A vast number of studies examined the effects of environmental noise on sleep, and there are different methods to measure sleep.
1. The most comprehensive methodology to physiologically assess sleep is so-called polysomnography (PSG), which encompasses various measurements, including electrophysiological assessment of brain activity (electroencephalogram, EEG), eye movement (electrooculogram, EOG), heart activity (electrocardiogram, ECG), as well as muscle activity (electromyogram, EMG).
Figure 1: Schematic representation of the electrode positioning for the measurement of polysomnography (source: DLR)
Figure 2: Preparing subjects for polysomnographic recordings (source: DLR)
2. A less invasive method for participants is actigraphy, which measures a person's body movements via a single device worn on the wrist. In recent studies, authors attempted to use the combination of actigraphy and ECG measurements in order to detect awakenings in a less costly way than employing PSG.
3. Next to physiological measurements, there is also the option to ask participants about their experience of sleep disturbances or sleep quality, i.e. a psychological assessment of sleep. The items used for this type of assessment can refer to the last night's sleep or a participant's sleep experience over a more extended period. Estimates using questionnaires are relatively cheap and easy to implement. Numerous published examples have been used for calculating 'mean' exposure-response curves of 'at least a little sleep disturbed', 'sleep disturbed' and 'highly sleep disturbed' people over an energy equivalent noise level LNight. In March 2020, the new Directive EU 2020/367 was published providing the basis for the calculation of the number of highly sleep-disturbed residents depending on the nocturnal aircraft noise level as well as for the estimation of the total number of people affected by high aircraft noise-induced sleep disturbance. However, research has shown that psychological assessments do not necessarily reflect physiologically measured sleep disturbances and interruptions.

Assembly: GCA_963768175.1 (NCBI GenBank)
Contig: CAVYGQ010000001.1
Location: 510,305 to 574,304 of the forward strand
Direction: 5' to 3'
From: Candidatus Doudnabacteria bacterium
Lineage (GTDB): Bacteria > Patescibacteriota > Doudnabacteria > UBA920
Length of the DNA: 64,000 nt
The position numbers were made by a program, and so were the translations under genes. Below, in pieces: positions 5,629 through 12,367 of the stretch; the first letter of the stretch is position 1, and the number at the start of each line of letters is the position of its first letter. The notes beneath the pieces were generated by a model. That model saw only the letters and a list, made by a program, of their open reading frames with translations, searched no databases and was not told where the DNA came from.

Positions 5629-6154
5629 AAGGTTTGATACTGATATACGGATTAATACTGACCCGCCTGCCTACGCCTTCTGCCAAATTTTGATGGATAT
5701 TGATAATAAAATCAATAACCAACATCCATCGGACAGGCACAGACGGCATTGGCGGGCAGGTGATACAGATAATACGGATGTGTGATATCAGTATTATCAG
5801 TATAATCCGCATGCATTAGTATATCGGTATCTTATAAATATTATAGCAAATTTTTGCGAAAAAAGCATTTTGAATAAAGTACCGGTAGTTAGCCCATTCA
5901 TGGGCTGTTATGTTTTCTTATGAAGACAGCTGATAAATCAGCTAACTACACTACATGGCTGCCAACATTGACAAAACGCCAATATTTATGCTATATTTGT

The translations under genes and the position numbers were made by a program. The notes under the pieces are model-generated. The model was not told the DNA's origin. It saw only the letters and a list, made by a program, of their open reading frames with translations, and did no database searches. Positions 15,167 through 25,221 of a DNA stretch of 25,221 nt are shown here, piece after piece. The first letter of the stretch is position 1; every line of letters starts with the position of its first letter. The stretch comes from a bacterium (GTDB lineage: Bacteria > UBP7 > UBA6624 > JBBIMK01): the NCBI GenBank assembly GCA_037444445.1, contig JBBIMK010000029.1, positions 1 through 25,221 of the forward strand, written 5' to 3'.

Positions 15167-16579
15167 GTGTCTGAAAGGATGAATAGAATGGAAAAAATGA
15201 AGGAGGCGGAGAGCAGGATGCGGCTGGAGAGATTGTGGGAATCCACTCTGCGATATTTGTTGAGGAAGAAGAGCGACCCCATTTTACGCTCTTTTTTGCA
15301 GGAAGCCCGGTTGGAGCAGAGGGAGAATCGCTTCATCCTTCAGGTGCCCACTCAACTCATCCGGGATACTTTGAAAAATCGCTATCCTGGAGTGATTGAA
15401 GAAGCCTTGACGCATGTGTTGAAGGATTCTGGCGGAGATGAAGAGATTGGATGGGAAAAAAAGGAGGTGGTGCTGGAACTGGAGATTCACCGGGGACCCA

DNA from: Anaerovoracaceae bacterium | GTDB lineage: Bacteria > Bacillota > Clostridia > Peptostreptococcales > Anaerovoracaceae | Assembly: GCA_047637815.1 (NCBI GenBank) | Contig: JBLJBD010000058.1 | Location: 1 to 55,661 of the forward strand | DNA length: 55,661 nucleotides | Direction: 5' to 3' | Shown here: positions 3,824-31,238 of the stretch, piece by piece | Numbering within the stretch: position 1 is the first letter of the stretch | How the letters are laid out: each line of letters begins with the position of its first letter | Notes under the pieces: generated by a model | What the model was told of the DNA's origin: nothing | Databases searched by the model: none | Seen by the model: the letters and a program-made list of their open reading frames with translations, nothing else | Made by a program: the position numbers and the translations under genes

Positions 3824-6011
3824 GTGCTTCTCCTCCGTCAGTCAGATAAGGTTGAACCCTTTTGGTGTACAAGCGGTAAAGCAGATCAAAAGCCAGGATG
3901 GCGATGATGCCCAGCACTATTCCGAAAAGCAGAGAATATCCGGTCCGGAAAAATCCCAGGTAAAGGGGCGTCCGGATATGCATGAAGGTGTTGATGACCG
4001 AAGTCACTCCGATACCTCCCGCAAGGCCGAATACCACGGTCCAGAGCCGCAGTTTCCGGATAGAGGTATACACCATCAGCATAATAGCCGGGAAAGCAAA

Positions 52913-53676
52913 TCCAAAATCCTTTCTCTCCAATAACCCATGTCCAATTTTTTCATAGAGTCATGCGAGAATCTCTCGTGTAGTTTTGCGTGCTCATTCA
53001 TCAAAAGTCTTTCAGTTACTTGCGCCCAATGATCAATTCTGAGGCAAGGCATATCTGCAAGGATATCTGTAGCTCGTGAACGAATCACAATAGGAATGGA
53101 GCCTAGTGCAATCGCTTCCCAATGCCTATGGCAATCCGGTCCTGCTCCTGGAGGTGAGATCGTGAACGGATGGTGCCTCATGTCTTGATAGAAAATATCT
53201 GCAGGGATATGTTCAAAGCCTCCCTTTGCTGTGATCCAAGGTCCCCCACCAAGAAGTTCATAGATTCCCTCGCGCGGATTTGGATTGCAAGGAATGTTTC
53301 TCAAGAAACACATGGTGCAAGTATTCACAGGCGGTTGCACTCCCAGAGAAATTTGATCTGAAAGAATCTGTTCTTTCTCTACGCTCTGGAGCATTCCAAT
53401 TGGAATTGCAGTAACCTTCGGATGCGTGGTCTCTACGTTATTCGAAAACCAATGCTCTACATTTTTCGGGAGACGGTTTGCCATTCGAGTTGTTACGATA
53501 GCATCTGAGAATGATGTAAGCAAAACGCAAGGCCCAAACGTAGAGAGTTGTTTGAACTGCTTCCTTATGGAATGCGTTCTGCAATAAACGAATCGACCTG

A fundamental problem with exposure response curves based on equivalent levels, is that those 'mean' levels, if not unrealistically low, are not suitable for communication to communities or for protection purposes for noise effects on sleep as many different noise situations can lead to the same Leq and have different effects on sleep. The World Health Organisation recommends in its "Environmental Noise Guidelines for the European Region" (2018) an LNight threshold of 40 dB(A) for aircraft noise due to the number of 'Highly Sleep Disturbed people' (HSD), assessed by questionnaires (WHO, 2018). In reality, a Boeing 747 on take-off with a distance of 10 km from the runway, 600 m height, one movement per 8 hours already would lead to an LNight of 51 dB(A), or for an Airbus 320, 10 km distance from the runway on take-off, 770 m height, eight movements per 8 hours would lead to an LNight of 50 dB(A).